GRAND RAPIDS (WZZM) -- He's 85 and now the state says he can't drive. After failing two re-examinations, the Secretary of State says Carl Hainer may not drive unless he is accompanied by a certified driver's training instructor.
Hainer, of Grand Rapids, has a perfect driving record and even in his mid-80s, believes he is competent and safe behind the wheel. He thinks the state wants to remove elderly drivers from the road even when there is no reason.
Hainer tried and failed to get his license back in Kent County Circuit Court, so now he's suing the Secretary of State in federal court.
Hainer says his driver's license was restricted three days after his 85th birthday. He reported to the Secretary of State for a reexamination and passed the written test. Then he completed a road test.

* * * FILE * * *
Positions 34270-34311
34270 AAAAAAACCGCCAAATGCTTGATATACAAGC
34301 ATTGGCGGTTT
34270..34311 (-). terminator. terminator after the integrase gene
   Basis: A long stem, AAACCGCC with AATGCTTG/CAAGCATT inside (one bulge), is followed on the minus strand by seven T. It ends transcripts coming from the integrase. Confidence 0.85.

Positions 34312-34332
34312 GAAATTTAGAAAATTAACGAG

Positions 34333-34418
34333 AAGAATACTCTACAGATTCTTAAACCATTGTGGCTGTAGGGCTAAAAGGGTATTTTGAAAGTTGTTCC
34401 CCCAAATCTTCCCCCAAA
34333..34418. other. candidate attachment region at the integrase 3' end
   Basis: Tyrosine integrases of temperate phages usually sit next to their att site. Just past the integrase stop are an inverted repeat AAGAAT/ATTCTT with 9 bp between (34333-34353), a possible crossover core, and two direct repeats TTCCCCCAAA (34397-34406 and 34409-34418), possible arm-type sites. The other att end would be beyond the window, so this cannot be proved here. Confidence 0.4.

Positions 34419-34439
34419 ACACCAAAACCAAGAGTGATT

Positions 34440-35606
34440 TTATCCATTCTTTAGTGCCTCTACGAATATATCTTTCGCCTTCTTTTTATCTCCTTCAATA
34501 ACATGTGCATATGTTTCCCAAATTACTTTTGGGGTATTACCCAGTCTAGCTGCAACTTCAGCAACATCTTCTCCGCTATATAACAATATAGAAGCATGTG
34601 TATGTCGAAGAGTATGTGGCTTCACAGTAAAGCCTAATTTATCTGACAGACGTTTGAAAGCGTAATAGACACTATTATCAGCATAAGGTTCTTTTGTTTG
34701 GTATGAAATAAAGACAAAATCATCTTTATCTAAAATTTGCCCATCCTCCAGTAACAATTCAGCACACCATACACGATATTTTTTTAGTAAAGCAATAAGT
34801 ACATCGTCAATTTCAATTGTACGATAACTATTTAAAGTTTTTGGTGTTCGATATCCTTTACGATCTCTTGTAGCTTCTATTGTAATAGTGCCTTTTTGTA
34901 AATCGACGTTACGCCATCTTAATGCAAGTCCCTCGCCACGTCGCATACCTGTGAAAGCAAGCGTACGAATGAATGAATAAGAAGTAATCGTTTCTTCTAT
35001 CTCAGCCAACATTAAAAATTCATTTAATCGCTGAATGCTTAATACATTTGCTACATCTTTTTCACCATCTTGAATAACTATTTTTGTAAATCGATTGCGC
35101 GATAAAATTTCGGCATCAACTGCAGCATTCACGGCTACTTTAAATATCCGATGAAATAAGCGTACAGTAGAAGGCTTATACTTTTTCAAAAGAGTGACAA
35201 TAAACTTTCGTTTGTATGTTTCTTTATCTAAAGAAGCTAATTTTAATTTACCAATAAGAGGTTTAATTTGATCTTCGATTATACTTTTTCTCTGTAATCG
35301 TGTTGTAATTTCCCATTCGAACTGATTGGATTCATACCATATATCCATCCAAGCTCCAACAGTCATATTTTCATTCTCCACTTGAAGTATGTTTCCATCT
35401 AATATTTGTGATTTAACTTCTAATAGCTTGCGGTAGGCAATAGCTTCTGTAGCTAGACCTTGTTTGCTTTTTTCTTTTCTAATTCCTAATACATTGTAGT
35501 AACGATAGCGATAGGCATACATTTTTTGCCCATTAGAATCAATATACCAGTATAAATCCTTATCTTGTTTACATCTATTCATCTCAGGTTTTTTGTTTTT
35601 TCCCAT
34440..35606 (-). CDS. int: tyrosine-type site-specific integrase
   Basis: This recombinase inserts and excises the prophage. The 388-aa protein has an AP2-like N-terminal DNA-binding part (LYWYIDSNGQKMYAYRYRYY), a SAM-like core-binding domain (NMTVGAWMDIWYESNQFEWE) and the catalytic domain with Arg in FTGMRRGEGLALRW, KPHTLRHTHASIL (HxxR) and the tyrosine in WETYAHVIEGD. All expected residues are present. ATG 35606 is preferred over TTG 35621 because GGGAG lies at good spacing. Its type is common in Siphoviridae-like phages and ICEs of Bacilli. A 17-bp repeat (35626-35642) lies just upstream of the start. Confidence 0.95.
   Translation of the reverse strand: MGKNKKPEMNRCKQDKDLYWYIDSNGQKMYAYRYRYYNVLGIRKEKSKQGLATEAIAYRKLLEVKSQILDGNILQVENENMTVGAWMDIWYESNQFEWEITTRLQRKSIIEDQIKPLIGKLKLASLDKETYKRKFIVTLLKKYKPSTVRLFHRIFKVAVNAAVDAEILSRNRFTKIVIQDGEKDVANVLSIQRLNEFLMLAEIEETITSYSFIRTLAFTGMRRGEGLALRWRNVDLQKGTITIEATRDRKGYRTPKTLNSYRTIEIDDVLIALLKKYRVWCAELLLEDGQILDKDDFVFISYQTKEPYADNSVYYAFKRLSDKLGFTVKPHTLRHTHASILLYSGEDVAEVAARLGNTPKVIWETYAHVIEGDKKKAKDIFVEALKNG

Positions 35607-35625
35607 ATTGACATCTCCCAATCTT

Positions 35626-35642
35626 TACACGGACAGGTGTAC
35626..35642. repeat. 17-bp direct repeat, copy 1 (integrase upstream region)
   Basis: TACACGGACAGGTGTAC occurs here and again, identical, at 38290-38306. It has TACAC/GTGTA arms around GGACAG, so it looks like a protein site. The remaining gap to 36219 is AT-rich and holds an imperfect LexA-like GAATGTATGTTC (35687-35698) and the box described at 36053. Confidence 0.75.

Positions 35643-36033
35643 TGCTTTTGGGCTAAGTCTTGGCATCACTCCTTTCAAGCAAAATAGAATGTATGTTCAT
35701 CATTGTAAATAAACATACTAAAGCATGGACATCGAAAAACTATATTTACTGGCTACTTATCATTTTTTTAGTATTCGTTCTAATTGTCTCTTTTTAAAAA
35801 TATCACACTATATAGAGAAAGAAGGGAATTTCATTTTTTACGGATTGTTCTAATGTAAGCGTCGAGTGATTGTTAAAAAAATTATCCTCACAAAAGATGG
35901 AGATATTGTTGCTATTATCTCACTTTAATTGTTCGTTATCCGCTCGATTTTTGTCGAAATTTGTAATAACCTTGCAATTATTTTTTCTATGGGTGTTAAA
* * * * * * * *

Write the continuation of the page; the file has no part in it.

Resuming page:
"They said I had some minor faults and then they went on to exaggerate those faults and restrict my drivers license," Hainer explained.
After a few months, Hainer says the Secretary of State continued to pursue him. "We went on a ride and I felt the examination was not fair; I felt they had a vindictive attitude towards older people."
Hainer first sued in Kent County Circuit Court. "They didn't seem to grasp the whole story: Intrusion without probable cause. It's an injustice."
The Secretary of State says Hainer has a clean driving record and they say they called him in because of a tip, possibly from a family member, who said he might not be a safe driver anymore.
Hainer says some of his children hinted that he should no longer be driving, but none of them admitted to reporting him to the state.
"I've always been a do-it-yourselfer; I always did for myself," said Hainer. "I don't like others to do for me what I feel I can still do for myself. I don't feel like I'm ready to be kicked to the curb."